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Accessibility 101: Navigating College with a Disability

Experts weigh in on choosing a school, self-advocacy, and finding support on campus

Taylor Nichols

Written By: Taylor Nichols

Published: 8/1/2022

This month marks the 32nd anniversary of the passage of the Americans with Disabilities Act, which improved access to education for students with disabilities when it was introduced in 1990.

Thanks to the passage of the ADA and the Individuals with Disabilities Education Act, federally funded universities are required to offer accessibility accommodations to provide the same opportunities they offer students without disabilities. For many students, earning a degree wouldn't be possible without accessibility requirements.

"Without disability accommodations, I probably wouldn’t have pursued a post-secondary education at all," said Jennifer Jones, who is legally blind and currently pursuing her master's in music education.

The fact that there are elevators on campus means she can get to classes safely even with low depth perception associated with her diagnosis. She also uses special transport to get to school and needs to be extra cautious on campus, especially in winter when the ground may be icy or wet.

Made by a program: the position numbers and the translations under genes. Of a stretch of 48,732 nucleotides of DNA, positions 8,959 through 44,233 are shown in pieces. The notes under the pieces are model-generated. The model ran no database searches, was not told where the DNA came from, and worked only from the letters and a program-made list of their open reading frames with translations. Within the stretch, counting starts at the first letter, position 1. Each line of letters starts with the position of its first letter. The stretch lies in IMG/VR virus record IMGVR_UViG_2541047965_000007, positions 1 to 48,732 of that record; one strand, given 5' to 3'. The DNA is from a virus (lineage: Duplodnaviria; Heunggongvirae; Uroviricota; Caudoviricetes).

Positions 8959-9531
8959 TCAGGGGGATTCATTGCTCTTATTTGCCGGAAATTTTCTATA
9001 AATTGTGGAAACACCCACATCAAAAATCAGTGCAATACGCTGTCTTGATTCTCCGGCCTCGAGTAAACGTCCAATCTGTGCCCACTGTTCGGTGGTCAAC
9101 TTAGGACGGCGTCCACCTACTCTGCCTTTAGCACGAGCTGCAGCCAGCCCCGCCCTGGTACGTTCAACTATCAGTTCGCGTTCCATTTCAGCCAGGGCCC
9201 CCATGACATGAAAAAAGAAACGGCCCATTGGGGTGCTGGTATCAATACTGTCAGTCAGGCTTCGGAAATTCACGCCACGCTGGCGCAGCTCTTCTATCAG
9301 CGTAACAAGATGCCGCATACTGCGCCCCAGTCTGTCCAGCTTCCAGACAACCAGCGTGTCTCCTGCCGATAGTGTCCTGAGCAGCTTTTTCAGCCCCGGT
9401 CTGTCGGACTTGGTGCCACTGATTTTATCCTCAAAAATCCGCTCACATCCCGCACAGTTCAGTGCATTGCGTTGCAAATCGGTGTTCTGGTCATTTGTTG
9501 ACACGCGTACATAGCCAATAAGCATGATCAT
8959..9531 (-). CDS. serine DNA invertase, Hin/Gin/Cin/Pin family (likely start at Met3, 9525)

Since these acts were introduced, our understanding of disabilities, how they impact people, what accommodations may be necessary, and even what qualifies as a disability has changed. An amendment in 2008 qualified more people to be covered under the ADA, including those with psychiatric disabilities.

College Students and Disabilities

Data from the National Center for Education Statistics shows 19% of undergraduate students had a disability in the 2015-16 school year. About 12% of students in graduate school had a disability in the same year.

Although disabilities are not uncommon for undergraduate students, the 2020 Student Technology Report from Educause found that nearly half of students with a disability don't register with their school. 

Students report many reasons for not registering with their disability services office, including stigma surrounding disabilities and the difficult process of getting approved or receiving accommodations. A lack of awareness also contributes, with 5% of students with disabilities reporting they didn't know there was an office or accommodations available.

This is especially concerning given that students who don't get support early on may be less likely to graduate.